As military coups d’état have rocked the basis of many states across the continent, Africa has been dealing with increased political unrest.
These unexpected events have sparked concern among regional leaders and the international community about the region’s stability and democratic government. As the global community closely monitors the developments, it is also crucial to investigate the underlying patterns and forces that are causing these coups as well as any potential repercussions for Africa’s future.
Niger (July, 2023)
The West African country is currently under military rule after presidential guards detained the elected president on Wednesday, last week and shortly after Army General Omar Tchiani declared himself the new ruler of the country. The country’s constitution was suspended, and all constitutional institutions were disbanded.
Although the coup has received condemnation on a global scale, the country’s army has stood their ground, saying that they are interested in ‘maintaining their beloved nation, which is hampered by both poor economic and social governance and the deterioration of our country’s security condition for which the leaders have not left a meaningful option for a route out of the problem.’
In recent developments, France has planned an evacuation exercise to withdraw their citizens from Niger. According to a statement, the evacuation for French and European nationals who want to leave will begin on Tuesday. Nothing more was disclosed.
Burkina Faso (January, 2022)
In January 2022, the military in Burkina Faso declared to have ousted President Roch Kaboré and seized control of the country. In Burkina Faso, the coup d’état was accomplished by forcing President Roch Marc Christian Kabore to retire, according to a statement from the trading bloc ECOWAS.
Despite criticism and concern from the international community, Burkina Faso’s Lieutenant-Colonel Paul-Henri Sandaogo Damiba took over power from the elected president in January 2022. On September 30, 2022, Captain Ibrahim Traore led a revolution in Burkina Faso that overthrew the lieutenant from power.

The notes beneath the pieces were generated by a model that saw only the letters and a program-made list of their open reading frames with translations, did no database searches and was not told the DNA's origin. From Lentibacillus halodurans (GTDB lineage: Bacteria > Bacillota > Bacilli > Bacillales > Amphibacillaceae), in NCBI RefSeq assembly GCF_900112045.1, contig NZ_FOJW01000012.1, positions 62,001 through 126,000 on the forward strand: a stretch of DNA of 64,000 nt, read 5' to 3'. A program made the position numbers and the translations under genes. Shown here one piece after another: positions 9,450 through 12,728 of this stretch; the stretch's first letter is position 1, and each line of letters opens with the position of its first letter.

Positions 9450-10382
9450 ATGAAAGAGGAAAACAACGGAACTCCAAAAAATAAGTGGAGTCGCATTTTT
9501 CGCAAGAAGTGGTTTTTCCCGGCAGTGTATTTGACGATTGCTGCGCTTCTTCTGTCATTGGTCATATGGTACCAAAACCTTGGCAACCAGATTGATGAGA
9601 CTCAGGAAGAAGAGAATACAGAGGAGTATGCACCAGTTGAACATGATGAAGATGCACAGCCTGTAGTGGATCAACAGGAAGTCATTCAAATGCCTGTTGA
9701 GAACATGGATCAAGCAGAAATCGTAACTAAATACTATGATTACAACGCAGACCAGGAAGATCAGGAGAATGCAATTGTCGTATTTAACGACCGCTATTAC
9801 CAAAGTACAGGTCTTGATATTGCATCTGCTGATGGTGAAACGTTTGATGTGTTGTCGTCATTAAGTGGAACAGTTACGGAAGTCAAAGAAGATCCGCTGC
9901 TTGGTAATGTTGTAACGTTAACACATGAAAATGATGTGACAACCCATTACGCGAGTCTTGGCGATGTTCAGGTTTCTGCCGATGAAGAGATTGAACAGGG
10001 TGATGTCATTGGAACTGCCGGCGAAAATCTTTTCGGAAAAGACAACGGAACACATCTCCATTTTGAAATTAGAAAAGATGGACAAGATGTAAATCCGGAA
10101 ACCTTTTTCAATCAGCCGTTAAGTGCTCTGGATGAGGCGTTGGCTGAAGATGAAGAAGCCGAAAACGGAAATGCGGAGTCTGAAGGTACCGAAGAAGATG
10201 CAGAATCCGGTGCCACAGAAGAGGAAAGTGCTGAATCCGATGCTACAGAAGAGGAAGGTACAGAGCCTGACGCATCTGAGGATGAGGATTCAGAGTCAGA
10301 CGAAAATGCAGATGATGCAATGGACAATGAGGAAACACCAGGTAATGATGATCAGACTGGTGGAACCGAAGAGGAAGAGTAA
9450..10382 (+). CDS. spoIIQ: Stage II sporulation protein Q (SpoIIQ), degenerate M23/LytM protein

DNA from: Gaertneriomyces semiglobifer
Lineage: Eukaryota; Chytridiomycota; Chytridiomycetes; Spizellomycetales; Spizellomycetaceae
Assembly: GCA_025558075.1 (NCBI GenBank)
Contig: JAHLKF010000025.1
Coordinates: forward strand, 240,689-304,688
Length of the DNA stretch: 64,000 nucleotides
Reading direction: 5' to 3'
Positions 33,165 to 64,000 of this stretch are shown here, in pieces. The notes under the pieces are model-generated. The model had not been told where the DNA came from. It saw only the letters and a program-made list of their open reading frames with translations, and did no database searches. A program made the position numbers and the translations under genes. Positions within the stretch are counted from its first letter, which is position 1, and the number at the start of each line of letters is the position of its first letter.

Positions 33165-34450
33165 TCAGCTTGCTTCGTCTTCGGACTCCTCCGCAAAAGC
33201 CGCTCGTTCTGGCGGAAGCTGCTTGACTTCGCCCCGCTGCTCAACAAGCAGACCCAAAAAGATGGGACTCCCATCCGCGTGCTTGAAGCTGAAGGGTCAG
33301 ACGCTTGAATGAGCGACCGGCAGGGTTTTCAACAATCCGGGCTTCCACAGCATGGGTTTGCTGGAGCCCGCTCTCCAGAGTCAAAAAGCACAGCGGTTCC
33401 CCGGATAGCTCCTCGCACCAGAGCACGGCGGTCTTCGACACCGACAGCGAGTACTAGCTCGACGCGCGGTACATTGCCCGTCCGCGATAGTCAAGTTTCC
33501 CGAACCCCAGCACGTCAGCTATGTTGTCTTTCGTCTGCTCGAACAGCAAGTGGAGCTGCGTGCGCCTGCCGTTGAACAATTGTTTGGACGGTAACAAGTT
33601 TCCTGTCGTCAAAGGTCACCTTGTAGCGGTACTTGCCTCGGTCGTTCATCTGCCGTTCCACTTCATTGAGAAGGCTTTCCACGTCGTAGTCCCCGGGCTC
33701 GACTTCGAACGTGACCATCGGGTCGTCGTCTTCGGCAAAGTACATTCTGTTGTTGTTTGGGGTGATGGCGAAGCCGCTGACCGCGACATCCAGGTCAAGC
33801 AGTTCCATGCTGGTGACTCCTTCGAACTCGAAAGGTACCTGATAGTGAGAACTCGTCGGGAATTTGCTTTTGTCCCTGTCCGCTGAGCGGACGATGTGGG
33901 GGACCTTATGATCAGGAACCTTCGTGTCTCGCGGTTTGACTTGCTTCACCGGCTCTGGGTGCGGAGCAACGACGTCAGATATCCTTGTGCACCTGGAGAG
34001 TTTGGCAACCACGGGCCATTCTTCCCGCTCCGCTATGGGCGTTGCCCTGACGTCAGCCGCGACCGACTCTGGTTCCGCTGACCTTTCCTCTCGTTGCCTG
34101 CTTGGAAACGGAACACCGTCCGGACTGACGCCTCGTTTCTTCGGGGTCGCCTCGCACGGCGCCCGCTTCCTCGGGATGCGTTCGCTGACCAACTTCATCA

In a recent development and response to the latest coup in Niger, in a joint statement, military-run Mali and Burkina Faso warned that they would regard any direct involvement in Niger by the international community as a “declaration of war.”
Sudan (October, 2021)
Earlier in October 2021, Abdel Fattah al-Burhan, the head of Sudan’s ruling council, declared a state of emergency throughout the nation and ordered the dissolution of the government and the transitional sovereign council. The declaration by the army commander came shortly after the military detained the country’s Prime Minister Abdalla Hamdok and a number of other senior government officials during at-night home raids.
Prime Minister Hamdok released a statement in captivity in which he branded the military’s actions a “complete coup d’etat” and urged the Sudanese people to peacefully defend their revolution. The coup in Sudan has since then threatened the political stability of the East African nation since 2021.
Guinea (September, 2021)
According to a report by CNBC, Conakry, the capital of Guinea, was rocked by gunfire on September 5, 2021. President Alpha Conde was overthrown by members of the nation’s special forces, who blamed corruption for their actions. In the process, the coup threw the mineral-rich country’s nearly ten years of political stability for a loop. The government was suspended, the constitution was dissolved, a curfew was imposed, and all borders were blocked by the coup leaders.
Since December 2010, President Alpha Condé has been in office. A wide range of human rights abuses have taken place under his administration, including restrictions on peaceful protests, the closing down of the Internet, the use of disproportionate force that resulted in the deaths and injuries of protestors, and numerous arbitrary detentions of opposition and civil society activists.
The military authorities were under pressure to present a plan that went beyond overthrowing the previous regime and to ensure investors that Guinea’s sizeable ore exports would not be reduced as a result of the widespread condemnation of the coup by world powers.
Chad (April, 2021)
The army appointed Idriss Déby’s son as interim president in April 2021 upon his death, with the help of a transitional military council. It was dubbed a “dynastic coup” by his detractors. There was unrest in the country following the deceased president’s son’s ascent to power.
The timeframe for holding free elections, which had been set for 18 months after the young junta commander and transitional president assumed office, has now been extended by an additional two years. After the passing of longstanding President Idriss Déby, the political transition in Chad was supposed to come to an end on October 20. Instead, opposition organizations and members of civil society demonstrated in the streets against the ongoing rejection of democracy—and then things got worse. The 20th of October is now known in Chad as “Black Thursday.”
Mahamat Idriss Déby Itno, the president of Chad, is said to be leading mediation efforts in the current coup in Niger, meeting both the ousted president Mohammed Bazoum and coup leader General Tchiani.
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The recent streak of military coups across Africa has seen to threaten the not only the political stability of the region but also the economic progression of Africa.